Fig 2 Fig 3 Fig 4

There is an infinite variety of current lines, some are evident by a distinct colour change. (Fig 3) Others by calm or rough lanes, possibly with debris such as weed, flotsam or foam caused by wind and friction between the bodies of water moving at different speeds and often in different directions. (Fig 4)

Vid 1  Fig 5

To highlight the importance of these highways we'll look at a working school of yellowfin which is obviously quite easy to spot. (Vid 01) Although when you can examine the scene in detail you can see that one of the reasons fish are there is the current. (Fig 5) This edge of the current is not easily seen at first to the inexperienced eye, but when pointed out it is clearly evident. The way to view it is to analyse what you are looking at by processing the image in your mind to highlight the texture of the water surface.

Much like the highways we are more accustomed to, the highways of the ocean are not always busy. To expect significant activity we need to be closer to the main hub of activity. The signs of a good current are temperature breaks where there is significant difference between the two bodies of water over as short a distance as possible. Other signs are preferable to ensure the current line is worth working for any period of time. The easiest of these to spot is birds. There are many species of oceanic birds that feed on and with schools of fish. There are also many that only eat tiny crustaceans on the surface, not baitfish or fish scraps, and are of no use in helping us find fish.

Each area of the world has its main species of birds that guide us to the fish, often only staying through the best months of the season then migrating onwards. They also have local names making it quite difficult to name them here though they do mainly fall into families of terns, petrels, and frigate birds etc. Most anglers have their favourite such as the ‘Noddy' tern. (Fig 8) These are often common birds that have a distinct behaviour or body language when they spot larger fish, either hovering or dipping in a certain manner that is a sign to those who know what to look for and also a sign of what to ignore. (Vid 2) Even the height of a hovering bird can indicate how deep the fish are feeding. It is often better to stay at some distance from hovering birds, timing your pass to coincide with the fish first hitting the surface rather than pulling your lures over the fish which may drive them deeper.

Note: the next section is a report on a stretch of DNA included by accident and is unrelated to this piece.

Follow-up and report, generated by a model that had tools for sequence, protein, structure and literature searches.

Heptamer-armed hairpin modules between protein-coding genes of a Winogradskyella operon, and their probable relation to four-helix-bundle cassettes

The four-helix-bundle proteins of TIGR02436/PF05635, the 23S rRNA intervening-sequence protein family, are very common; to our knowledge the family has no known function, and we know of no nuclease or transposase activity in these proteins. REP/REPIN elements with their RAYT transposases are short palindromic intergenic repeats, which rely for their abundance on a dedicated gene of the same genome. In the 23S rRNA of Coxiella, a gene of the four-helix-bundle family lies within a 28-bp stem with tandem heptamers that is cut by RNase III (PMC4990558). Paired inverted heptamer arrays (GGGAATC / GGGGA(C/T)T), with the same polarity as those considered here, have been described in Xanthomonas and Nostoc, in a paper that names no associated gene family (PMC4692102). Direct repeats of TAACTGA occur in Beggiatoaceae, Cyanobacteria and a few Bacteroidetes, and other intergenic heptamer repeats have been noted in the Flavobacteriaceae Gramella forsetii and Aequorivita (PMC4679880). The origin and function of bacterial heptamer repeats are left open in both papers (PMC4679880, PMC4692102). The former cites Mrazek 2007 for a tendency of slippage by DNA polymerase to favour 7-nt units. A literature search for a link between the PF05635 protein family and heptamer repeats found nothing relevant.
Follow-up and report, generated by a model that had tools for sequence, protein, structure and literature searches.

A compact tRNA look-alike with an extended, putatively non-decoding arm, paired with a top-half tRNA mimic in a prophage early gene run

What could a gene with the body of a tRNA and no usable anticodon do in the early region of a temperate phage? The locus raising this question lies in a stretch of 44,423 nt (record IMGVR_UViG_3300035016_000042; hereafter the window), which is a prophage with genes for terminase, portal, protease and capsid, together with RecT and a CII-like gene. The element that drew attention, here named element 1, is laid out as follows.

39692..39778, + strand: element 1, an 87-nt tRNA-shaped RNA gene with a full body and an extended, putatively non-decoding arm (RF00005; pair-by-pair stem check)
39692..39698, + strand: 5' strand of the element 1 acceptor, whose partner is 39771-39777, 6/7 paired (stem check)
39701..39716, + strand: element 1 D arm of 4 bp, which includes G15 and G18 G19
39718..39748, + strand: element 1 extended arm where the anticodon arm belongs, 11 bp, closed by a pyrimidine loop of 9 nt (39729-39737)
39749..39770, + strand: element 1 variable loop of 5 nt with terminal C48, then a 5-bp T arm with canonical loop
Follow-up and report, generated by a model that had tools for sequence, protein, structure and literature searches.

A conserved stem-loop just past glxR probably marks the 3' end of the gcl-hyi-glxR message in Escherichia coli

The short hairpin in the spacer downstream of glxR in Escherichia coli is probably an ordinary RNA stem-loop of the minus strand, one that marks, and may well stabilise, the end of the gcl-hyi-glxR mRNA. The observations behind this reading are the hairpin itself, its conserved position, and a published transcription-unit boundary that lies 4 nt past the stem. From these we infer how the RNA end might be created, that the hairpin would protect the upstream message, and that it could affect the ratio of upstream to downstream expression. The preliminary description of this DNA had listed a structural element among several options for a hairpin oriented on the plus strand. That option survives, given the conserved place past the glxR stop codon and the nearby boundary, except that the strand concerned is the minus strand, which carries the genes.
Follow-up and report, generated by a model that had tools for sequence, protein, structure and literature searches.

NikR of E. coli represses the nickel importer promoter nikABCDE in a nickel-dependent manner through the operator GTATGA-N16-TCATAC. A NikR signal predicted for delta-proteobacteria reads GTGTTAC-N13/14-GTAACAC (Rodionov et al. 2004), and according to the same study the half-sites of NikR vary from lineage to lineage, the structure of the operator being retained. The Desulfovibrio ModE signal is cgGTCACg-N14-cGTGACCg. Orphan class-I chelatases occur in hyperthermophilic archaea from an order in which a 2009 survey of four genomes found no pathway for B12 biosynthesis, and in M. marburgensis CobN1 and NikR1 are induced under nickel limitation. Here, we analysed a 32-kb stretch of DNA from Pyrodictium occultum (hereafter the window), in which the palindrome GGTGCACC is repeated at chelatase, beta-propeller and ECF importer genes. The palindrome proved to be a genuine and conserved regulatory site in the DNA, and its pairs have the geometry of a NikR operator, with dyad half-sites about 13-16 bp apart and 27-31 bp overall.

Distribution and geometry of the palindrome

Fig 8 Vid 2

There are many signs to look for, such as turtles which are generally either near structure or current edges. Active dolphins and porpoises and other marine mammals are also worth investigating. Sweet smelling oil slicks which may be the oil from baitfish being slaughtered below are also quite obvious as you can track them both with sight and smell over quite long distances.

Other signs such as floating objects, either flotsam or man-made anchored Fish Aggregating Devices (FADs) are also a great sign as they can attract a massive amount of marine life. (Vid 3) 

Vid 3

All the signs discussed so far have been rather obvious and should be quite easy to spot. We have partially explained what some of the signs mean and how to interpret them. Experience will show that it is the fleeting glimpses, the tiny ripples, the tip of a dorsal, a fish's bow wave, the flash of silver below the surface, a swirl, an escaping flying fish gliding on the wind, a free jumping marlin at some distance. These are some of the signs that are not obvious or easy to see, and rarely last long enough to get confirmation from other crew members. These are, however, the signs that make the difference.

Just as signs can be positive, they are not necessarily indications of large predators in the area, often small feeding fish behave as if they are in no peril, flicking on the surface or chasing food of their own. At these times it is important to find other signs such as those mentioned earlier to see if it is worth waiting in the area for the ‘bite time' or continue your search. 

Vid 4

Without question the ability to ‘spot' is the single most important factor in the success of a gamefishing team, get it right and then the dream of 'fish in the lure spread' has much more chance of coming true. 

Vid 5


Australia, Brisbane